AI is not a machine that ‘thinks for itself’; it’s a tremendously promising tool for humans to use.

We can’t escape artificial intelligence (AI), not because the Terminator is hunting us down but because the media can’t stop talking about it. Whether it is ChatGPT, self-driving cars, or Elon Musk’s humanoid robots, the AI conversation sometimes seems to be everywhere. The misconception that AI can think for itself is almost as pervasive, which adds to the public’s anxiety about being replaced.

Hysteria around so-called thinking machines is rampant. Monmouth polling reveals that nearly three in four Americans believe devices with the “ability to think for themselves” would hurt jobs and the economy. A key driver of the fear is the belief that machines can think for themselves. In fact, a majority of Americans believe AI is either already more intelligent than humans or is on its way to being so. These pervasive concerns come from a misunderstanding about how AI functions.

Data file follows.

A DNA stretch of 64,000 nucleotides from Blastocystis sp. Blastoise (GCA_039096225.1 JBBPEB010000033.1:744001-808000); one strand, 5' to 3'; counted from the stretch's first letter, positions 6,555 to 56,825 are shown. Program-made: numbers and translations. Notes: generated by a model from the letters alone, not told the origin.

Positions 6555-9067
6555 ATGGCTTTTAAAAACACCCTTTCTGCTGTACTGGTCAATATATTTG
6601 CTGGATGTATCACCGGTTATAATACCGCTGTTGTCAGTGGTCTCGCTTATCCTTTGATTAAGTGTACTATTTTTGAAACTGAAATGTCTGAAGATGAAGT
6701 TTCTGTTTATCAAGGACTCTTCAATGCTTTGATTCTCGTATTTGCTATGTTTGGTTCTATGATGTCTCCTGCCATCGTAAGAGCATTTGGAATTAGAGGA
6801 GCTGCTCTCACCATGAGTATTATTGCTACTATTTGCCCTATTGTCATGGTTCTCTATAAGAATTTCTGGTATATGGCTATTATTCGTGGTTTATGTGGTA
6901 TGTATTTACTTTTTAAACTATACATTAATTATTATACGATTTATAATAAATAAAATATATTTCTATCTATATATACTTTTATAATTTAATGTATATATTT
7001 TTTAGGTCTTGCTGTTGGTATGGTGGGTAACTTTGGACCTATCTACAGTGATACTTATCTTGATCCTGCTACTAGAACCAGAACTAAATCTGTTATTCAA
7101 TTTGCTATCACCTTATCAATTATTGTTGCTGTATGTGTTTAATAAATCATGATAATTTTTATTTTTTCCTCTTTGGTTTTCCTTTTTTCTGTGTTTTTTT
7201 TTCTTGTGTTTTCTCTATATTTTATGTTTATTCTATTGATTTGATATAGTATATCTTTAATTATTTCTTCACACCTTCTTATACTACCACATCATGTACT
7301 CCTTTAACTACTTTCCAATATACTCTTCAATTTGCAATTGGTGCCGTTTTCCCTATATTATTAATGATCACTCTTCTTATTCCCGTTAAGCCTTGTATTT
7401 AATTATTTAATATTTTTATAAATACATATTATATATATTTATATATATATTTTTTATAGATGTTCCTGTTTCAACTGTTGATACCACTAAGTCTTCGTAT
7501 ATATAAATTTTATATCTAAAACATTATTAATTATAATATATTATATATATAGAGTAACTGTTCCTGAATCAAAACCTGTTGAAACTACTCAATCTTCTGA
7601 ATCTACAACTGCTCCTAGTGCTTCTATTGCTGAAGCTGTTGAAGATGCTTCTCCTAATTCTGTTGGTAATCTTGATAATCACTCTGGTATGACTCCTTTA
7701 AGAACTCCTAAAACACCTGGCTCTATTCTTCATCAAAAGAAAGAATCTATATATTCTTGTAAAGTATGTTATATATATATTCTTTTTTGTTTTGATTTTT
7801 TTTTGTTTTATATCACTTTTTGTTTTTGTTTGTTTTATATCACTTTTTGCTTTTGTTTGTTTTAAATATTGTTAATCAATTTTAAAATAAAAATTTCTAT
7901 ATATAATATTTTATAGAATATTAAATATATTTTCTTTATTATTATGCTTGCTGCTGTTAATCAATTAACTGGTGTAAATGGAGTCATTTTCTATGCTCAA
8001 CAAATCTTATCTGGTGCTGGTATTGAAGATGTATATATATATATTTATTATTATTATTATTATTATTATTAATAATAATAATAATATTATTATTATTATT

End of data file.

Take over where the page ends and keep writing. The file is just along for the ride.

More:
Computer scientist Jaron Lanier argues that our entire understanding of AI is incorrect, starting with the acronym “AI” or “artificial intelligence.” AI, such as ChatGPT, a large language model (LLM) that creates conversational responses to text prompts, does not think independently but instead copies patterns. Humans also possess pattern recognition, but we aren’t limited to that. ChatGPT and other AI-type models are. Intelligence isn’t only the ability to predict the next step in a sequence but entails the ability to reason through abstraction, as François Chollet surmised in his paper on evaluating AI for general intelligence.

Read the full National Review article here.

Isaac Schick is a policy analyst at the American Consumer Institute, a nonprofit education and research organization. For more information about the Institute, visit www.TheAmericanConsumer.Org or follow us on Twitter @ConsumerPal.